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Bootstrapping Against Capital Punishment

Dave Hoffman

Dave Hoffman is the Murray Shusterman Professor of Transactional and Business Law at Temple Law School. He specializes in law and psychology, contracts, and quantitative analysis of civil procedure. He currently teaches contracts, civil procedure, corporations, and law and economics.

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3 Responses

  1. Doug B. says:

    Dave: Good insights, though they ought to be refined for regional realities. It seems likely that the costs approach is working in northern states — New York, New Jersey — that are more agnostic about the death penalty. Ironically, these are the states that can generally “afford” to do the death penalty right, but they are moving away from capital punishment because it just does not seem worth the cost. (Also, it is not clear Justice Kennedy’s views have any serious impact on these state’s at all — it is the states’ high court justices that really shape the death penalty in these regions.)

    Meanwhile, states in the deep south are generally eager to do capital punishment on the cheap, and efforts to drive up the costs are unlikely to change political debates. However, cost realities are also driven by widely-shared popular aversion to innocents on death row and inhumane execution methods. Like any other “government program,” insufficent funding means less effectiveness, which in this context means greater risk on innocents on death row and inhumane execution protocols.

    Moreover, I think your cost views are a bit incomplete: ADR scholars will remind us that ALL litigation is relatively expensive (which in part explains why so many non-capital cases are resolved through plea bargains). The death penalty will always be a litigation heavy universe no matter what Justice Kennedy thinks, and wise policy-makers must understand that forces a lot more powerful than the defense bar drives the economics of capital punishment.

  2. Miss P says:

    I don’t think it’s odd that the article didn’t focus on this suspicion. What evidence is there that this is a self-conscious strategy of the abolitionist establishment? I agree that it wouldn’t be a good one, and I wouldn’t attribute too many bad strategic decisions to brilliant folks like (Stephen) Bright and (Bryan) Stevenson.

    To the extent that capital defenders and post-conviction counsel have fought for and won high standards for capital representation, couldn’t they just want the best possible legal landscape for their clients — costs aside? And isn’t it in fact their duty to advocate for precisely this, when it is in the interests of particular clients?

    As Prof. Berman points out, litigation, and capital litigation in particular, is expensive, for both sides. The high costs of providing constitutionally effective counsel are well beyond the control of individual defenders, and it is surely not their prerogative to sacrifice a client’s representation for the sake of political expediency or their office’s or state’s budgets. But the defense bar at large is also not the sole source of defense costs and standards. For instance, the complexity of retroactivity doctrine and other limits on habeas corpus heavily burden trial and appellate defenders to get things right prior to collateral review, and the increasing use of DNA evidence obligates defense counsel to retain forensic experts, learn new areas of law and science, etc.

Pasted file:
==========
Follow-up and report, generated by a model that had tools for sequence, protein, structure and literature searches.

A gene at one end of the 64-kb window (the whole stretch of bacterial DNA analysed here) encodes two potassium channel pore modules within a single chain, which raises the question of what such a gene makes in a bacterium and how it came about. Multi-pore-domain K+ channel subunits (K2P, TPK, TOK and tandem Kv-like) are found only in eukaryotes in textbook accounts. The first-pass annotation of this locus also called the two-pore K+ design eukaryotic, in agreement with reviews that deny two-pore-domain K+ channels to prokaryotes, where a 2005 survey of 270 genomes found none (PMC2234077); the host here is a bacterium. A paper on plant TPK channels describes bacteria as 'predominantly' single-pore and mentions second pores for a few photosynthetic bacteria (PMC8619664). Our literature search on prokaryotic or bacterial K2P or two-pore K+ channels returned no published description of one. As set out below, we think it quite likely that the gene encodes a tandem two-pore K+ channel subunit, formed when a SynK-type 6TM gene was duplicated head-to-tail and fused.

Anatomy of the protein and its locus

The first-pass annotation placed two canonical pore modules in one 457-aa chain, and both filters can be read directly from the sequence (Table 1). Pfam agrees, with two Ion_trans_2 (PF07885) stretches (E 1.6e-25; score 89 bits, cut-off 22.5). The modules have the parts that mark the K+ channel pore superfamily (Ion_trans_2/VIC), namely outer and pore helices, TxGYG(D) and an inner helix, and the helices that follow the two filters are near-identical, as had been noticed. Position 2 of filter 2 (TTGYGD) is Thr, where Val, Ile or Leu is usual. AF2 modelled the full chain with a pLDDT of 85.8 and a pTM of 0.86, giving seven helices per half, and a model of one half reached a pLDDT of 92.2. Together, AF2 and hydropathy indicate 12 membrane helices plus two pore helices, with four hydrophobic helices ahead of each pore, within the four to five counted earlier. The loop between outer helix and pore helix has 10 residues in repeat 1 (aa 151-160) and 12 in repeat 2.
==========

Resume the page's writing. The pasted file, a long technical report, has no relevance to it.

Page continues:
3. Alex R. says:

    Like Miss P, I doubt that driving costs of litigation up, rather than increasing procedural protections, is the principal strategic consideration of most capital defenders.

    I also think it is a little strange, given the context of the Times article, to suggest that capital defense counsel are the only actors driving the costs of litigating death penalty cases. The principal case described in the Times article is in Georgia, in which Brian Nichols is accused of killing four officials, including a State court judge, during and in the aftermath of an escape from custody. The evidence of guilt (in the traditional sense, as in “did he do it?”) against Mr. Nicholas is overwhelming, and all observers seem to agree that the case will focus on culpability and appropriate punishment. Nonetheless, the State has assigned five prosecutors to litigate the case, listed 400 witnesses for trial, retained forensic experts, and turned over 32,000 pages of documents and 400 hours of taped phone calls for defense attorneys to sift through. The argument could easily be made that the State, knowing that indigent defense services are seriously underfunded and disfavored in Georgia, is trying to capitalize on its superior resources by making it impossible for Mr. Nichols to mount a constitutionally adequate defense to these serious charges (which appear in a 54-count indictment). In the long run, it seems like an error of judgment, especially if the result is a constitutionally deficient trial that must be repeated, which will only drive the costs of prosecuting Mr. Nichols even higher.

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